Miners in Upper Nitra begin producing food paste

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Miners in Upper Nitra begin producing food paste

19. 04. 2017 15:10

The Upper Nitra mines in the town of western Slovak town of Handlová have begun producing their own food pastes, reported TASR on Tuesday. This step has been introduced as part of similar non-mining activities launched earlier in a quest to gradually replace underground coal mining. "Although it might appear that 40 people (working at the greenhouses in the neighbouring town of Nováky) are too few, we already have further activity, and we're preparing many others," said Stanislav Gurský, the managing director of a company called Agro GTV, which belongs to the Upper Nitra Mines Group. "As part of fish breeding, we're currently launching the processing of fish meat in the form of food paste, and one of the spreads will contain oyster mushrooms. The latter will appear on the market within two or three weeks," said Gurský adding that pastes containing sharp tooth catfish, beans and vegetables, respectively, have been on sale since December 2016.

Meanwhile, Agro GTV currently grows 1,500 tonnes of tomatoes annually in greenhouses in the neighbouring town of Nováky as part of a project started seven years ago. At the same time its subsidiary fish farm called Agro-Rybia farma in Handlová used to grow 150 tonnes of tomatoes and 100 tonnes of cucumbers annually, but the company has dropped cucumbers this year due to lower than expected revenues, replacing them with a new variety of tomatoes.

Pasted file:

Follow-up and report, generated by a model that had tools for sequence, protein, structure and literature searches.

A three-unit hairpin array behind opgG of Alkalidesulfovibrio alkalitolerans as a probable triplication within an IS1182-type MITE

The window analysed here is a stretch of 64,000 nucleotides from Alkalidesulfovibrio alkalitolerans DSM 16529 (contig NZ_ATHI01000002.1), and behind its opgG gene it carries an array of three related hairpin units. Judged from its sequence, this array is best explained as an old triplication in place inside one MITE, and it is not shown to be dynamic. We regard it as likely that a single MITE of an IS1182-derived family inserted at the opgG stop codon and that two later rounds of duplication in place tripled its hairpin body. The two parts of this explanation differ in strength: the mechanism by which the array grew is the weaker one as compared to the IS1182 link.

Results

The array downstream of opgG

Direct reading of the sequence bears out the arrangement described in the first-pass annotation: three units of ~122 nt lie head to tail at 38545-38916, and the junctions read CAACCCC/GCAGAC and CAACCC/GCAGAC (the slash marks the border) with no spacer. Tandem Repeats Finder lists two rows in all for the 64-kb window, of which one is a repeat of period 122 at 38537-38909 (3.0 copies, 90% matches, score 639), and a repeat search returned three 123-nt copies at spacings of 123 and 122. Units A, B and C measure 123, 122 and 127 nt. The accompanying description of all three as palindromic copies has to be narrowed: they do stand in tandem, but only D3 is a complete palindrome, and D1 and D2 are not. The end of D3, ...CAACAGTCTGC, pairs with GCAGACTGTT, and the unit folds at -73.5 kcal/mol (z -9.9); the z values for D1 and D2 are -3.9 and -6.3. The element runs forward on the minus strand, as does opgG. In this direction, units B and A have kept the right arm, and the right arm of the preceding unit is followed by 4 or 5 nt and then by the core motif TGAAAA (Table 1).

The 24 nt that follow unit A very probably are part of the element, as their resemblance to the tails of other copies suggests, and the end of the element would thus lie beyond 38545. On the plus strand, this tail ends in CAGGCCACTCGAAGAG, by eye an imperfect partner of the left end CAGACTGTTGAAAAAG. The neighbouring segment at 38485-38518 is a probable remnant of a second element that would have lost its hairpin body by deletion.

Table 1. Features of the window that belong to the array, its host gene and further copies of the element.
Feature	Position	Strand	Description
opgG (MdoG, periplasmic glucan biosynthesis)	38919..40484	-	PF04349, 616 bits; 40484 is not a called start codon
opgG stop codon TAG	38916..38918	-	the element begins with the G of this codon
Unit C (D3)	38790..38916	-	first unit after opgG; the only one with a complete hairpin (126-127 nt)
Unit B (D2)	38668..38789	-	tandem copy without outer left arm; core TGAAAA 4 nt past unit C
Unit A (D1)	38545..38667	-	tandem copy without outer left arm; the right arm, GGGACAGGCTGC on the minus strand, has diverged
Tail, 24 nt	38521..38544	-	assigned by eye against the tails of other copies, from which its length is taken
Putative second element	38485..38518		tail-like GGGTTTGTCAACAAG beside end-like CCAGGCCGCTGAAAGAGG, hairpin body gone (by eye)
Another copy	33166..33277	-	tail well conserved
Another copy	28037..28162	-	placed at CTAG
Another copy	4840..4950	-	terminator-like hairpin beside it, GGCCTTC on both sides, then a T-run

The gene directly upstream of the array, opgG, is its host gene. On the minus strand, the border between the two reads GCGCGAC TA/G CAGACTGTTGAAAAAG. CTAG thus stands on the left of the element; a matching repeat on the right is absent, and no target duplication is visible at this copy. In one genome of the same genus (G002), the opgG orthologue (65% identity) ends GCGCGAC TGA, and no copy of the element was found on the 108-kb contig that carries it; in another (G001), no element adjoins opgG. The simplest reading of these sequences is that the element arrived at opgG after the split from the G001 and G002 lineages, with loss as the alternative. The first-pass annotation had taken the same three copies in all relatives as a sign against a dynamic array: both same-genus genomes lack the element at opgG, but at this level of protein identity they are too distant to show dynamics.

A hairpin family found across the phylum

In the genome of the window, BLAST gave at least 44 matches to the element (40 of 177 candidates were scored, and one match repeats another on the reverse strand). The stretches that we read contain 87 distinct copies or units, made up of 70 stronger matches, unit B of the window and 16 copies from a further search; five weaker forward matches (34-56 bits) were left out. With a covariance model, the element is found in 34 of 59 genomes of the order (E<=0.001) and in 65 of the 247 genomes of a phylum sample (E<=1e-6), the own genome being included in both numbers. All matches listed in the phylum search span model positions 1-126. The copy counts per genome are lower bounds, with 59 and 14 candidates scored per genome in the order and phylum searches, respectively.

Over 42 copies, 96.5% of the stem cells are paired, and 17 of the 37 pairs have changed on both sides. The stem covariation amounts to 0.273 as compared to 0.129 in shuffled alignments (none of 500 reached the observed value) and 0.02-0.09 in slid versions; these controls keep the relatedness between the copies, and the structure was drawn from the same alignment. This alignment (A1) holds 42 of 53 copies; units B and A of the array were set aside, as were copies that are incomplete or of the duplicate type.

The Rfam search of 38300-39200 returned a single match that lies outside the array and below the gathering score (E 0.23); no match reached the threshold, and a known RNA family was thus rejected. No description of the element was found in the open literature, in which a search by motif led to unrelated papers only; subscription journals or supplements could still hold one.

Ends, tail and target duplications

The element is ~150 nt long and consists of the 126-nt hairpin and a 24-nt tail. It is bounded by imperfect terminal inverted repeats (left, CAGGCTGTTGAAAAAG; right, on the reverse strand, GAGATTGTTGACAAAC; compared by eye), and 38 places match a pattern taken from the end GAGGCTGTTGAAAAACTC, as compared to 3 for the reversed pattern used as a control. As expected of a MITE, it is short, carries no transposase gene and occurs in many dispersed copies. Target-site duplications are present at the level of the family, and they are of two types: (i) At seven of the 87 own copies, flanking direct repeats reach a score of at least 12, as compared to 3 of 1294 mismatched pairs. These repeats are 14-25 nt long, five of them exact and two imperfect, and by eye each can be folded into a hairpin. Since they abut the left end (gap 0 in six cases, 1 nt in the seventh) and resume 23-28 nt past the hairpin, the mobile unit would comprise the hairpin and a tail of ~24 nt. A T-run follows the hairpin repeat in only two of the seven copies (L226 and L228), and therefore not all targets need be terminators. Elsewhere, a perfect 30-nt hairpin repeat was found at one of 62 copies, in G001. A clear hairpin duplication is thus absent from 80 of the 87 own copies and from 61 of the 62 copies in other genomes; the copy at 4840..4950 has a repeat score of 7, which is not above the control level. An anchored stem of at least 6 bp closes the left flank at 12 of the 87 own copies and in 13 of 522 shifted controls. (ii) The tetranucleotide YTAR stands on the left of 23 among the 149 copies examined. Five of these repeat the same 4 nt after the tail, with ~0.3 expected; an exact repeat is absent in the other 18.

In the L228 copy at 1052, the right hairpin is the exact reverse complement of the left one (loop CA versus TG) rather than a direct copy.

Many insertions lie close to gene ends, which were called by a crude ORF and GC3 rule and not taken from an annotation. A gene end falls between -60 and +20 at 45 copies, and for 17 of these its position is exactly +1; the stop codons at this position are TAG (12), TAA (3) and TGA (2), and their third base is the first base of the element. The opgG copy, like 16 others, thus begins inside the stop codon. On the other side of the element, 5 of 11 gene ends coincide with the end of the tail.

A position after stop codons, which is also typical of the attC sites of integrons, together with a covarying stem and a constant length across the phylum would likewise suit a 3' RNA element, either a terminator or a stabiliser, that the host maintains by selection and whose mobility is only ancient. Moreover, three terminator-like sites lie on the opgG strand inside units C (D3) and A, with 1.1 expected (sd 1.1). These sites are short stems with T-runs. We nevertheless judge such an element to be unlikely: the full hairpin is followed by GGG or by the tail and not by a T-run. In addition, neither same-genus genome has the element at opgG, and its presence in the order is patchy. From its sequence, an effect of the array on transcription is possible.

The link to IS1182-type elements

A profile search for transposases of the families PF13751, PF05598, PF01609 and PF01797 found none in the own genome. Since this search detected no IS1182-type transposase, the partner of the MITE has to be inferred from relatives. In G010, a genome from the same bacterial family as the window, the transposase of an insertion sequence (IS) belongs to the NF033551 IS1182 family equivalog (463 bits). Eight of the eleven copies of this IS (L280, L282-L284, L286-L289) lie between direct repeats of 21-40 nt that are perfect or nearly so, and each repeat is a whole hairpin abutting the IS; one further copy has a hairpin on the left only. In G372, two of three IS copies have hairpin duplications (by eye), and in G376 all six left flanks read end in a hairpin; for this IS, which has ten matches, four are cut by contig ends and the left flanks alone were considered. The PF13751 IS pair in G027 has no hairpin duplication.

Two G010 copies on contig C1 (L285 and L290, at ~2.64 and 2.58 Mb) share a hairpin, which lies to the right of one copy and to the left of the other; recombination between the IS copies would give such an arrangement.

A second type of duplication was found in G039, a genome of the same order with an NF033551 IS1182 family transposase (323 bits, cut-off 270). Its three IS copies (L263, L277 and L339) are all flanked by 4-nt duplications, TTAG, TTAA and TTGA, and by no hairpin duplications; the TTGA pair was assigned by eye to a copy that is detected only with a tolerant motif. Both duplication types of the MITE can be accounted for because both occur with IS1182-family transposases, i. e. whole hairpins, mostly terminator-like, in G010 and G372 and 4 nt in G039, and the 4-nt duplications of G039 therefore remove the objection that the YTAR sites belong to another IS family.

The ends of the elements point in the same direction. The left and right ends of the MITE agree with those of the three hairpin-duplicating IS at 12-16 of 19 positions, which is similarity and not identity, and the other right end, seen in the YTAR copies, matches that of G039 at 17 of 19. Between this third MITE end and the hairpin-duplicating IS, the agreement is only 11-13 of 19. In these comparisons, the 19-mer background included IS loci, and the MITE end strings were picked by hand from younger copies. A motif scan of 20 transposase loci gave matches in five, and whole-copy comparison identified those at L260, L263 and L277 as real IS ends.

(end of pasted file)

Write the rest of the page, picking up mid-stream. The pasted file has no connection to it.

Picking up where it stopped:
Upper Nitra Mines supply the heat Electricity plant in Nováky with coal. This electricity production is both ecologically and economically ineffective. As the energia.sk website wrote at the beginning of April, even though the end consumers donate almost 100€ million via state budget for burning the coal from the Upper Nitra Mines, the company has recorded a loss at the level of 4.5€ million". According to the government directive from 2015, the Electricity plant has to produce energy from Slovak coal until 2030 in order to keep employment in the mining industry. However, this March, Economy Minister Peter Žiga admitted that the term could be cut. "I am ready for a discussion on shortening the term and closing it definitely." said Žiga. As of May 2016, the mines declared that they employed over 4,100 people in their company.

Mojmir Prochazka, Photo: TASR

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